Undersea cable damage disrupts internet access in Nigeria

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africa_internet.jpgRecent damage to the SAT-3 submarine cable that links Nigeria to the outside world has disrupted Internet and other services in the country.

The damaged SAT-3 undersea cable runs from Portugal and Spain to South Africa, via West Africa.

The resulting network outage (which is already being felt by a large number of internet subscribers in the country) is expected to last about 10 days, according to Suburban Telecoms, the nations primary internet capacity supplier.

In a statement made available to THISDAY news papers yesterday, Chief Technical Officer (CTO), Suburban West Africa, Mr. Anil Verma, however said: “this is only a temporary setback. Once the cable is restored, we will continue with our efforts of making available more internet bandwidth in Nigeria at a reasonable cost, as we have been doing over the last few years. It is unfortunate that the SAT3 submarine cable is currently the only active cable system available to West Africa.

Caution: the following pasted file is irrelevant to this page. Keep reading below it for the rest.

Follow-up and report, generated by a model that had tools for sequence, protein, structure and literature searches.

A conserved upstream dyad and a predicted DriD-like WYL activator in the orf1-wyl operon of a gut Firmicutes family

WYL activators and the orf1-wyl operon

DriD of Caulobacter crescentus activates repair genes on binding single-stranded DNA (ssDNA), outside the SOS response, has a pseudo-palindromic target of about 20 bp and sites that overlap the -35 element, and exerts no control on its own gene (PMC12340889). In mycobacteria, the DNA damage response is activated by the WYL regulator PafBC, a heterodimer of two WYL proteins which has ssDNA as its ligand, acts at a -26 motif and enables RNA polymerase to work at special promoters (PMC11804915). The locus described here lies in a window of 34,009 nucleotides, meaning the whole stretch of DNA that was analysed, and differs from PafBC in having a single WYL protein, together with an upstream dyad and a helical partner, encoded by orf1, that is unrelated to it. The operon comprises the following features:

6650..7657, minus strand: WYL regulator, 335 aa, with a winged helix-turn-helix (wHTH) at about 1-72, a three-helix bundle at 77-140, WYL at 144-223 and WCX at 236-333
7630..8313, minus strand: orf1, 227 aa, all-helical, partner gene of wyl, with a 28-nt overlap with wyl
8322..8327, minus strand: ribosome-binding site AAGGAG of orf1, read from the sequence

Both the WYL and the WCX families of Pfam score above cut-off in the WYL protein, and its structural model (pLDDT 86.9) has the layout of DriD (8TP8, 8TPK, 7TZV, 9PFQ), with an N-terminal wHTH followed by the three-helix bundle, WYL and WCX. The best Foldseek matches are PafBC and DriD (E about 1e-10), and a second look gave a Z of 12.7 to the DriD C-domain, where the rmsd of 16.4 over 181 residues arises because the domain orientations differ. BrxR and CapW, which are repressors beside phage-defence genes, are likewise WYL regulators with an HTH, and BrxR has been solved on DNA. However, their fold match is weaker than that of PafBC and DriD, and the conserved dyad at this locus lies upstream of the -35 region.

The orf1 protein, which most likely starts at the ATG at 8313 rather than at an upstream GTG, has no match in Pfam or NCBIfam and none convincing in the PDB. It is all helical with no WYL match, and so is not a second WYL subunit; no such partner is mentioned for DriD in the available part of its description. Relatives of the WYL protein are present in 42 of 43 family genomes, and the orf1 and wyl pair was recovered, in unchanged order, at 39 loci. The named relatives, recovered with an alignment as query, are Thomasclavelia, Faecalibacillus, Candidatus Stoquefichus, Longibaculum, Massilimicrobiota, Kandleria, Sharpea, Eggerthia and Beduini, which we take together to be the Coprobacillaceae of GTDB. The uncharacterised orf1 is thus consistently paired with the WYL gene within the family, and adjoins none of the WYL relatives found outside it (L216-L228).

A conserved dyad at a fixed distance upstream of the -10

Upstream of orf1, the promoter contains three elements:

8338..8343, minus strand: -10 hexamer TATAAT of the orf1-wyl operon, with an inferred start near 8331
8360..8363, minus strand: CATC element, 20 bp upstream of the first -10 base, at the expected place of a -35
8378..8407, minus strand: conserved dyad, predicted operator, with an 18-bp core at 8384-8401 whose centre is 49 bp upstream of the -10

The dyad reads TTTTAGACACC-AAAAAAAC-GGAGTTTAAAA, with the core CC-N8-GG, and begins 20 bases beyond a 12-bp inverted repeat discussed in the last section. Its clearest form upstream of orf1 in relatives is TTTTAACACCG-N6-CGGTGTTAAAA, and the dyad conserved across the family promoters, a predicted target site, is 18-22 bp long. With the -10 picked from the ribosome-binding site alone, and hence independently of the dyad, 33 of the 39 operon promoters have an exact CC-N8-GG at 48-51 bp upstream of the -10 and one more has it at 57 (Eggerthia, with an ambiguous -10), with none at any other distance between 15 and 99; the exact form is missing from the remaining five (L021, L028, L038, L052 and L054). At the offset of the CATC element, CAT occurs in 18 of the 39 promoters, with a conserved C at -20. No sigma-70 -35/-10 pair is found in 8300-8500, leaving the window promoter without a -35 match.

‘’While we have built redundancy on the terrestrial leg of our fibre optic network that delivers services to customers, there is vulnerability on the landing cable deployed into each country. Our network is currently routed into Nigeria through the Benin Republic, which is the landing station we are connected to. In the eight years the SAT3 service has been available, this is the first time there has been an outage on the Benin landing cable.
‘’There have been outages on the actual SAT3 submarine cable itself, but not the Benin landing cable. The SAT3 cable is built with redundancy, which is why there has been minimal downtime in other outages, but with this outage being on an isolated landing cable, we will have to wait for the SAT3 consortium to send one of their cable maintenance ships to Benin to fix the problem. This is expected to take approximately 10 days.”
On his part, Chief Executive Officer (CEO) of Suburban Telecoms, Mr. Bruce Ayonote, said the company intends leverage as many different infrastructure options including the Glo1 and MainOne projects, in order to provide quality and high-availability services to its customers.
“Providing connectivity solutions is all about redundancy at multiple levels. Once there are more submarine cables available, there will be more landing stations. With the distribution networks we have already deployed into different markets, we will be able to offer higher availability services to our customers with less disruption of services,” he said.


Mobile service provider MTN Nigeria, is also experiencing challenges with access to international bandwidth, leading to service disruption to some of its international and data / internet based services as a result of damage to SAT3.